4. Vanishing Points

Vanishing points

According to the Collins English Dictionary a ‘vanishing point’ is “the point to which parallel lines appear to converge in the rendering of perspective, usually on the horizon”.

Ken Adam, the production designer for Doctor Strangelove, claims to have enlightened Kubrick on the value of having a ‘vanishing point’ when sketching a set or framing designing a shot. Adam perhaps didn’t appreciate the impact that their conversation would have on the legendary director.

Kubrick used ‘vanishing points’ for framing, as the technique creates a ‘one-point perspective’ where the audience can see that all shapes on the screen get smaller in all directions, drawing your eye towards the centre of the screen. It is perhaps the most easily definable element of a film that makes it recognisably ‘Kubrickian’.


5. Tracking Shots

Tracking shots

Kubrick used his camera to create a great sense of scale and depth in his films. They feel dynamic because he let his camera flow through the narrative; firstly through tracking shots and secondly through using Steadicam shots (see below).

A tracking shot would tend to follow a film’s subject from behind, in front or along their side. Kubrick’s Paths of Glory buses tracking shots to reveal the great enormity of war in the first world war. The flowing movement reveals soldier, after soldier in the winding french trenches.

As well as showing the full scale of first world war, the tracking shots in Paths of Glory also allow for the actors’ movements to be fully captured without interruption; they can walk, run, as well as dive from enemy fire and their fearful body language from the moment is entirely readable (in a way that static shots can’t always allow for).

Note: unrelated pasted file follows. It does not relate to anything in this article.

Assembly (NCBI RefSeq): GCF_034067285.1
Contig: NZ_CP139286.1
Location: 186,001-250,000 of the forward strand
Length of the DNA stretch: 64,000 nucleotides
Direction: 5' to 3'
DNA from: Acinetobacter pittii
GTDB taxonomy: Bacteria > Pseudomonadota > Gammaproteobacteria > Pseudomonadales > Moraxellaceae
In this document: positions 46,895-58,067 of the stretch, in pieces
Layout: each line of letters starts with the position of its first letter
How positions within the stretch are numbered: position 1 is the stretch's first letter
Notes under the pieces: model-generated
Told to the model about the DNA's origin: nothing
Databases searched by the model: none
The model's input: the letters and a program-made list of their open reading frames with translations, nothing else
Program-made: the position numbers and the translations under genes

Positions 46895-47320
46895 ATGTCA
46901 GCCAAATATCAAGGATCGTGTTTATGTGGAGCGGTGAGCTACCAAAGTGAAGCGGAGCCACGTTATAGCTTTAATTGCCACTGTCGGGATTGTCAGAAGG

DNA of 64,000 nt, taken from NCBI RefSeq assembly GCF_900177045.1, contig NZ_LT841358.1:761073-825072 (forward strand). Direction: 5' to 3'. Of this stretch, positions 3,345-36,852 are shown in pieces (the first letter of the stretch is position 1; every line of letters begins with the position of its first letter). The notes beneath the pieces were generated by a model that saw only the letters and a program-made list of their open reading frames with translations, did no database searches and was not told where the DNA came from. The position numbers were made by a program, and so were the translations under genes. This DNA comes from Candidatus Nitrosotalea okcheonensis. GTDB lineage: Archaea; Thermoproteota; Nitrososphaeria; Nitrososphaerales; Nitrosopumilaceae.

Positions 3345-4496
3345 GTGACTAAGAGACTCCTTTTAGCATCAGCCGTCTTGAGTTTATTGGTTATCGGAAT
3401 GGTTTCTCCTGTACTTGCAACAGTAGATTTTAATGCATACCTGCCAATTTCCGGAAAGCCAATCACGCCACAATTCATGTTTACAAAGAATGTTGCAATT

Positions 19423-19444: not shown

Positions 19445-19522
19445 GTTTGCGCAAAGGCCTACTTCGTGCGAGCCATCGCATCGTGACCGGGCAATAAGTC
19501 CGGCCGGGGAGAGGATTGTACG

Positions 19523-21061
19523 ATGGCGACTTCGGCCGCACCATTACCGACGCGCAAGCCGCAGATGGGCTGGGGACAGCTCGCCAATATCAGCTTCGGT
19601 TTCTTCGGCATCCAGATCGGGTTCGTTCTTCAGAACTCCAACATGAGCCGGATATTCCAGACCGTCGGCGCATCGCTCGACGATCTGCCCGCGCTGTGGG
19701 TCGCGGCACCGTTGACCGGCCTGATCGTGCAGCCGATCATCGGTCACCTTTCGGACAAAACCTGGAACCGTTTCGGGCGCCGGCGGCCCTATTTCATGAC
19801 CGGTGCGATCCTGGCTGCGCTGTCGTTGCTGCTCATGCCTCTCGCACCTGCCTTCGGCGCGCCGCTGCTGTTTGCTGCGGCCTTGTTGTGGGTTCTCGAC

6. Steadicam Shots


The Shining made extensive use of the ‘Steadicam’, where the camera operator’s movement is isolated with a camera stabilizer mount, which stops the picture from shaking. The invention of the Steadicam combined the smoothness of a dolly tracking shot, with the flexibility of a handheld camera.

The Shining’s sets were designed specifically with the Steadicam in mind. It’s a great tool for directors, as it allows camera operators to follow actors around complex scenery. This means that directors can film a scene in one long continuous take, not having to disturb the actors.

It also gives the camera operators a great deal of flexibility; during the maze sequence the camera operator was able to run after the actors, giving a remarkable sense of speed and danger. Unlike a dolly, which would have appeared effortlessly smooth, the fact that a real individual is carrying the Steadicam heightens the sense of pursuit during the scene.


7. Hand-held Camerawork


Kelvin Pike, the camera operator for Doctor Strangelove and The Shining, used handheld cameras in Doctor Strangelove’s battle sequences. This gives the sequence the feel of a documentary, as if a war correspondent had captured the spectacular footage.

The shakiness, and the poor camera angles, heightens the sense of danger and authenticity (the footage doesn’t look at all fake). Continuing this theme, the film’s Director of Photography, Gilbert Taylor, used real Royal Air Force stock footage, adding to the sense of realism and immediacy.

Picking the right moment to use a hand-held camera can really add drama to a film. Almost all of Barry Lyndon is shot with a camera on a tripod, yet when Lyndon’s wife goes mad, the scene is shot hand-held and the chaos of the moment is intensified.

It’s worth mentioning that using a hand-held camera doesn’t literally mean that the camera has to be held in one of the crew’s hands. Hand-held cameras are often strapped to the operator using a harness for stability and control.